"As is often the case, these myths reveal more about the myth makers than they do about the truth. Moscow's fable was designed to airbrush the Ukrainian people -- and their genuine aspirations and demands -- out of the Maidan, by claiming the movement was fueled by outsiders.
"Yet, as you all know by living through it -- and as was clear even to those of us watching your courageous stand from afar -- the Maidan was made in Ukraine. A Ukraine of university students and veterans of the Afghan war. Of Ukrainian, Russian, and Tatar speakers. Of Christians, Muslims, and Jews..."
Power went on with her rhapsodic version of events:
"Given the powerful interests that benefited from the corrupt system, achieving a full transformation was always going to be an uphill battle. And that was before Russian troops occupied Crimea, something the Kremlin denied at the time, but has since admitted; and it was before Russia began training, arming, bankrolling, and fighting alongside its separatist proxies in eastern Ukraine, something the Kremlin continues to deny.
"Suddenly, the Ukrainian people faced a battle on two fronts: combating corruption and overhauling broken institutions on the inside; while simultaneously defending against aggression and destabilization from the outside.
"I don't have to tell you the immense strain that these battles have placed upon you. You feel it in the young men and women, including some of your family members and friends, who have volunteered or been drafted into the military -- people who could be helping build up their nation, but instead are risking their lives to defend it against Russian aggression. ...
"You feel it in the conflict's impact on your country's economy -- as instability makes it harder for Ukrainian businesses to attract foreign investment, deepens inflation, and depresses families' wages. ... It is felt in the undercurrent of fear in cities like Kharkiv -- where citizens have been the victims of multiple bomb attacks, the most lethal of which killed four people, including two teenage boys, at a rally celebrating the first anniversary of Euromaidan.
"And the impact is felt most directly by the people living in the conflict zone. According to the UN, at least 6,350 people have been killed in the violence driven by Russia and the separatists -- including 625 women and children -- and an additional 1,460 people are missing; 15,775 people have been wounded. And an estimated 2 million people have been displaced by this conflict. And the real numbers of killed, missing, wounded, and displaced are likely higher, according to the UN, due to its limited access to areas controlled by the separatists."
Pretty much everything in Power's propaganda speech was blamed on the Russians -- along with the ethnic Russians and other Ukrainians resisting the imposition of the new U.S.-backed order. She also ignored the will of the people of Crimea who voted overwhelmingly in a referendum to secede from Ukraine and rejoin Russia.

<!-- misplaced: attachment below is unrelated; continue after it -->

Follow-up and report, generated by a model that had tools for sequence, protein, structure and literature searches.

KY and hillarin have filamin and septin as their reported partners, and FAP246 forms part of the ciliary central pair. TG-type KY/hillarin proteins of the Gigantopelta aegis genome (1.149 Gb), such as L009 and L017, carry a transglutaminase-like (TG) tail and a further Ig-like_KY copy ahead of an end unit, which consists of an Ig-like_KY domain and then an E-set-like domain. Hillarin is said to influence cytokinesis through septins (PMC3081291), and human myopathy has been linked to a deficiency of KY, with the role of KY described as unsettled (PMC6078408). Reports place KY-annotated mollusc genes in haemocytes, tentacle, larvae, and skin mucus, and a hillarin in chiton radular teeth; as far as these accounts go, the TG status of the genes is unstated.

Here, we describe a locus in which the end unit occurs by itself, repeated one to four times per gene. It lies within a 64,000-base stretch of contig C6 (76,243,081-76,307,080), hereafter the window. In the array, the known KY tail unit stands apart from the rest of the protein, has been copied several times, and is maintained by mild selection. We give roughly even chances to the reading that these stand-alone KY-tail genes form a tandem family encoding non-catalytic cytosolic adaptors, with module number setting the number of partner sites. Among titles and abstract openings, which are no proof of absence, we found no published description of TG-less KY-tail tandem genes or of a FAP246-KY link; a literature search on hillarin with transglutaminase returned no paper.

The closest she came to criticizing the current regime in Kiev was to note that "investigations into serious crimes such as the violence in the Maidan and in Odessa have been sluggish, opaque, and marred by serious errors -- suggesting not only a lack of competence, but also a lack of will to hold the perpetrators accountable."
Yet, even there, Power failed to note the growing evidence that the neo-Nazis were likely behind the crucial sniper attacks on Feb. 20, 2014, that killed both police and protesters and touched off the chaos that led to the coup two days later. [A worthwhile documentary on this mystery is "Maidan Massacre."]
Nor, did Power spell out that neo-Nazis from the Maidan set fire to the Trade Union Building in Odessa on May 2, 2014, burning alive scores of ethnic Russians while spray-painting the building with pro-Nazi graffiti, including hailing the "Galician SS," the Ukrainian auxiliary that helped Adolf Hitler's SS carry out the Holocaust in Ukraine.
Listening to Power's speech you might not even have picked up that she was obliquely criticizing the U.S.-backed regime in Kiev.
Also, by citing a few touching stories of pro-coup Ukrainians who had died in the conflict, Power implicitly dehumanized the far larger number of ethnic Russians who opposed the overthrow of their elected president and have been killed by Kiev's brutal "anti-terrorism operation."
Use of Propaganda
In my nearly four decades covering Washington, I have listened to and read many speeches like the one delivered by Samantha Power. In the 1980s, President Ronald Reagan would give similar propaganda speeches justifying the slaughter of peasants and workers in Nicaragua, El Salvador and Guatemala, where the massacres of Mayan Indians were later deemed a "genocide." [See Consortiumnews.com's "How Reagan Promoted Genocide."]
(Note: You can view every article as one long page if you sign up as an Advocate Member, or higher).